Polar Amplification Model Intercomparison Project
July 18, 2022
Announcement: AGU session on Polar Amplification and its connection to lower-latitude weather and climate
Dear PAMIP colleagues,
We’d like to draw your attention to an AGU session: "Polar Amplification and its connection to lower-latitude weather and climate”. Please consider submitting an abstract to it. The abstract deadline is Wednesday, Aug 3, 2022. Further details can be found at
A078. - Polar amplification and its connection to lower-latitude weather and climate
Polar amplification is a prominent feature of climate change. It is closely associated with sea ice loss and may have implications to weather and climate globally. The Polar Amplification Model Intercomparison Project (PAMIP) is a coordinated set of model experiments, designed to advance understanding of the causes and effects of polar amplification. The goal of this session is to synthesize our current understanding of polar amplification, harnessing the PAMIP multi-model ensemble. Contributions from the following topics are encouraged: 1) What are the relative roles of atmospheric teleconnections versus local processes in causing Arctic and Antarctic sea ice loss and driving polar amplification? 2) How do the changes in polar sea ice impact the weather and climate in the lower latitudes, and via what mechanisms? We welcome studies using the PAMIP experiments, and also invite contributions from both idealized and comprehensive modeling studies, as well as observational/theoretical analyses.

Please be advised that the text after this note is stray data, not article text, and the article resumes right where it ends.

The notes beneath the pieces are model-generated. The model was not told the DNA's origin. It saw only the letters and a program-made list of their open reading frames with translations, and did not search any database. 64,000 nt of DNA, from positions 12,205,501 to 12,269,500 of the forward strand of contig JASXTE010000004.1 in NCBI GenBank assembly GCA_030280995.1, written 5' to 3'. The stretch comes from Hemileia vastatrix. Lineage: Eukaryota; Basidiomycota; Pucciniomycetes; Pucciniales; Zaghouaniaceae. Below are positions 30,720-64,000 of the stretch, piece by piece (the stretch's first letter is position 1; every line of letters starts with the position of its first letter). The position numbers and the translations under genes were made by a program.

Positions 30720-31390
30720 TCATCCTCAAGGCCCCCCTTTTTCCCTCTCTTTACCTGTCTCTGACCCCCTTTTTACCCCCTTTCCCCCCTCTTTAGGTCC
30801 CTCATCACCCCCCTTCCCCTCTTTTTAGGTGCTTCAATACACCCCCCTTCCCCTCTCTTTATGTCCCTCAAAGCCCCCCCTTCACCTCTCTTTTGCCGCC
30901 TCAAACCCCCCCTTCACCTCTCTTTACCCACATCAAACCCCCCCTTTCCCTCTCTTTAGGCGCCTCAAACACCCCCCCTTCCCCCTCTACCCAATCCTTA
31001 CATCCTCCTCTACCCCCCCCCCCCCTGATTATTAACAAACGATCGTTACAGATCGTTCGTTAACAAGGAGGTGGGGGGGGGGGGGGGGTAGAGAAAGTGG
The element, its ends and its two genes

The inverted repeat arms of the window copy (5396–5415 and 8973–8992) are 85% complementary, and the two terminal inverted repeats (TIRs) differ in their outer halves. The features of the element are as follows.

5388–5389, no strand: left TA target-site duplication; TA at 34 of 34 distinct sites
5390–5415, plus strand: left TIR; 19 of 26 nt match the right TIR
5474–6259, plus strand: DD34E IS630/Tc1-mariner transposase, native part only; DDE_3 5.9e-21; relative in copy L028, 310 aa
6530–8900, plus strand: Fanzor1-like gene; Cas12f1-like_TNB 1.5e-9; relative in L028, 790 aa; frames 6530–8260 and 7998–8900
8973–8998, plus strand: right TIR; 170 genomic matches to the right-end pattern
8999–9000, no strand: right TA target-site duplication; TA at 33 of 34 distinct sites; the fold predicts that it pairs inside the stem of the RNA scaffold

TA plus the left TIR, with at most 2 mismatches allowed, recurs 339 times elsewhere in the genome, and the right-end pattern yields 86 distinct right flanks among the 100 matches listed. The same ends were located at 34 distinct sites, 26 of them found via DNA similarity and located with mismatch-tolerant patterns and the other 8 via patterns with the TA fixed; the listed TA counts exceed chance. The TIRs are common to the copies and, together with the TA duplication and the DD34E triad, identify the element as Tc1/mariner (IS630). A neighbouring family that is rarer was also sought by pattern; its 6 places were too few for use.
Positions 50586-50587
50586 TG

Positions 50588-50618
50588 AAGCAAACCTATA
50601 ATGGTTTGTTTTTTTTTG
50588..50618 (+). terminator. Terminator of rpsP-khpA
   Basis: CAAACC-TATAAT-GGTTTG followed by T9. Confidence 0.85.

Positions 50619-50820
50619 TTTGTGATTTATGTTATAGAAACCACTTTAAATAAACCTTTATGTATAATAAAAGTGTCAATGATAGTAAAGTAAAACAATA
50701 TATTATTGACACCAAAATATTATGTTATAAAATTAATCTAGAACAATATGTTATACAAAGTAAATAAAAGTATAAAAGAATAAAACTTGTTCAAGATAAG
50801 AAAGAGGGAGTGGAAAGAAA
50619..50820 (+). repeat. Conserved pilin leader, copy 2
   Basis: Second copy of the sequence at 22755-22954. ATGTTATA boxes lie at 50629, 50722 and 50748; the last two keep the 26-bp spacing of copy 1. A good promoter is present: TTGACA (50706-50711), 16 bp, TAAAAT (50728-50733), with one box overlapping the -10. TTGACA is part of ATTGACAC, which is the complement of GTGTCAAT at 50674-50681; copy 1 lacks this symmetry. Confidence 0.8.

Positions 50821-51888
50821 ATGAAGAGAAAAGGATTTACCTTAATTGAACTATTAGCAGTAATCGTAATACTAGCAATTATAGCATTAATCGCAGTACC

Invited Speakers: Camille Li (University of Bergen), Robin Clancy (University of Washington)
Lantao Sun, James Screen, Yutian Wu, Qinghua Ding
Polar amplification, the phenomenon that external radiative forcing produces a larger change in surface temperature at high latitudes than the global average, is a key aspect of anthropogenic climate change but its causes and consequences are not fully understood.
The Polar Amplification Model Intercomparison Project (PAMIP), co-led by Dr. Doug Smith, Dr. James Screen, and Dr. Clara Deser seeks to improve our understanding of this phenomenon through a coordinated set of numerical model experiments. As one of the Coupled Model Intercomparison Project Phase 6 (CMIP6) endorsed MIPs, PAMIP will address the following primary questions:
- What are the relative roles of local sea ice and remote sea surface temperature changes in driving polar amplification?
- How does the global climate system respond to changes in Arctic and Antarctic sea ice?
Click here to read the full background.
The following article provides an overview of the PAMIP including the protocols:
Smith, D. M., J. A. Screen, C. Deser, J. Cohen, J. C. Fyfe, J. García-Serrano, T. Jung, V. Kattsov, D. Matei, R. Msadek, Y. Peings, M. Sigmond, J. Ukita, J.-H. Yoon and X. Zhang, The Polar Amplification Model Intercomparison Project (PAMIP) contribution to CMIP6: investigating the causes and consequences of polar amplification, Geosci. Model Dev., 12, 1139–1164, 2019
For any suggestions or comments, please email Lantao Sun
[ email@example.com ]